Qwilt has long claimed that its “transparent” caching platform can help cable operators and other broadband ISPs keep over-the-top video bandwidth in check while also improving overall streaming quality, and now the vendor says it has some numbers to back up those claims.
In its first annual report, Qwilt claimed that its systems, which cache popular content from sources such as YouTube and Netflix at the network’s edge, handled more than 50% of OTT video traffic, while also providing an 80% boost in video streaming quality during peak times. Qwilt based those findings by comparing and measuring the average bitrate delivered on customer networks during peak viewing using its transparent caching system and video streams delivered by “upstream content providers” that did not rely on transparent caching. The global study tallied data from networks running in North America, South America, Europe and Asia, Qwilt said.
Transparent caching systems from vendors as Qwilt and PeerApp are growing in popularity as network providers noodle new ways to handle the load as OTT video streaming increases.
“Video is going to be the main driver of traffic and network expansion into the next decade,” Alon Maor, CEO and co-founder of Qwilt, said.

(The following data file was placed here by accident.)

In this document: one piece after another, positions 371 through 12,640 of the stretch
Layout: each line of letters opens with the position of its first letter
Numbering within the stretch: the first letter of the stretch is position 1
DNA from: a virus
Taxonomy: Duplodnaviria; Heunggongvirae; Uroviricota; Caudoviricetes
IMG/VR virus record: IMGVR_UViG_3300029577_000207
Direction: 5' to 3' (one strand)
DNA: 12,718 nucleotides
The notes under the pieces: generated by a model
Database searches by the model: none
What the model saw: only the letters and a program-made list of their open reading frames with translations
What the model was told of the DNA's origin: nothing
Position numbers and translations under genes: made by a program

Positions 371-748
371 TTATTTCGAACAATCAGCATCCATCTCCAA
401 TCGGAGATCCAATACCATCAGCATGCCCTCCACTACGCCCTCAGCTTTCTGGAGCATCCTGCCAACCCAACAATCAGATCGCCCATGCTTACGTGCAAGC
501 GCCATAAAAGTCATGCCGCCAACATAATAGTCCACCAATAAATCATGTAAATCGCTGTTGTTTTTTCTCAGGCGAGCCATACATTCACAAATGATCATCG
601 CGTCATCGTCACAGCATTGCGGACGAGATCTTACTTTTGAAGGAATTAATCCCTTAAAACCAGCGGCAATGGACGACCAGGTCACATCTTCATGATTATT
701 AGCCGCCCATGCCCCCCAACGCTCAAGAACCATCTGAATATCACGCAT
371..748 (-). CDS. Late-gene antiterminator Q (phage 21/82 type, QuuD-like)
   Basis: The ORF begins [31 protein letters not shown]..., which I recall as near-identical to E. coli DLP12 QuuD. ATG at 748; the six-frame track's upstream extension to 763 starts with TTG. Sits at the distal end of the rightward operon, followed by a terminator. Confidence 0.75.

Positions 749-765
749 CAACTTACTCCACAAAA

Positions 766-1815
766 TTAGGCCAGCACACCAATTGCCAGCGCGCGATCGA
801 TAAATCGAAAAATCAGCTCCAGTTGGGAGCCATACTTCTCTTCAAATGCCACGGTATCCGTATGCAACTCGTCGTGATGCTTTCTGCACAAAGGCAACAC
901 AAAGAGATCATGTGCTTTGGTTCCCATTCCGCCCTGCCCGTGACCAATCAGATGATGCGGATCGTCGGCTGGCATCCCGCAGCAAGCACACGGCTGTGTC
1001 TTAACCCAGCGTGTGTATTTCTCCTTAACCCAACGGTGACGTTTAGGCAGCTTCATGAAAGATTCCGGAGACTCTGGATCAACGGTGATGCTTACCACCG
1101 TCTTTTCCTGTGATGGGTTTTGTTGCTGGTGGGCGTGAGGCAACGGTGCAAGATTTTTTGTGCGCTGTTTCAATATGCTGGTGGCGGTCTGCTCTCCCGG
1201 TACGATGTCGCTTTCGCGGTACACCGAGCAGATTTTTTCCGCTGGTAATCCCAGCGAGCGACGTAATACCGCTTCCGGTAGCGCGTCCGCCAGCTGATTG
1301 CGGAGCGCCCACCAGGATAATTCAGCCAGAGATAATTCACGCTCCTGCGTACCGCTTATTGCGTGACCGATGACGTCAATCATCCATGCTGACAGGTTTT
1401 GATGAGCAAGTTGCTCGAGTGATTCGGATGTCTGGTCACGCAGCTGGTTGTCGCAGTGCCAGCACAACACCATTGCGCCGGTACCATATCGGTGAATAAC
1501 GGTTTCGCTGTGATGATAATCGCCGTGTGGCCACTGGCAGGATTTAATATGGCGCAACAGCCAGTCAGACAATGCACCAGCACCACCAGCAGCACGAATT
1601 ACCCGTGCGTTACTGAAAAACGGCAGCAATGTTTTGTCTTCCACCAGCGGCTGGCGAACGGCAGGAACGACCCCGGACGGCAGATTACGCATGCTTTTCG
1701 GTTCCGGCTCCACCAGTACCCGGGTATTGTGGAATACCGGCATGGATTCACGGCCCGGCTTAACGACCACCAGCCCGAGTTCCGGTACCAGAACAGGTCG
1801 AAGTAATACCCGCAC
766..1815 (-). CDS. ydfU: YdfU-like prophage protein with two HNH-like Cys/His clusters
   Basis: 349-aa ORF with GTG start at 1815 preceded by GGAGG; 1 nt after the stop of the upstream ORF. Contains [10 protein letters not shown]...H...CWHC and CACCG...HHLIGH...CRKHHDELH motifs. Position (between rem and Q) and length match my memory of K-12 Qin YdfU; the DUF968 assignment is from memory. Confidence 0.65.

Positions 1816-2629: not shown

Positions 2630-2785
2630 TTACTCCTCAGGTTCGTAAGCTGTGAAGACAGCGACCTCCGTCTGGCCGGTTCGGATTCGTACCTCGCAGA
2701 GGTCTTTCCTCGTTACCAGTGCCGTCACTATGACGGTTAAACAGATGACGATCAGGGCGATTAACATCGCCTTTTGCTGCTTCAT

Deploying caches at the edge of the network to alleviate the strain is not a new concept. Netflix, for example, is touting Open Connect, a private edge caching system that it offers for free to ISPs. Qwilt, which has recently added Mediacom Communications to its customer list, argues that its transparent approach, which can handle traffic from Netflix and other sources, offers similar benefits without having to let private, proprietary edge caching systems from Netflix, Google and others onto the network.
Maor said two of the largest five U.S. cable operators are deploying Qwilt’s transparent caching technology. Its flagship product is the QB-Series Video Fabric Controller, a platform that monitors video traffic on operator networks, identifies popular and trending video titles, and then stores those titles at the edge of the subscriber network so MSOs and other carriers can save on online video transport costs.
And the idea of transparent caching is evidently getting broader cable industry attention. According to Maor, CableLabs is exploring interoperability specifications for transparent caching systems.
CableLabs has not yet commented about the scope and status of that work, but it would presumably seek to create a common interface that would enable MSOs to deploy transparent caching products from multiple vendors.
More about CableLabs’ activities around transparent caching will be covered in the December 2 issue of Multichannel News.
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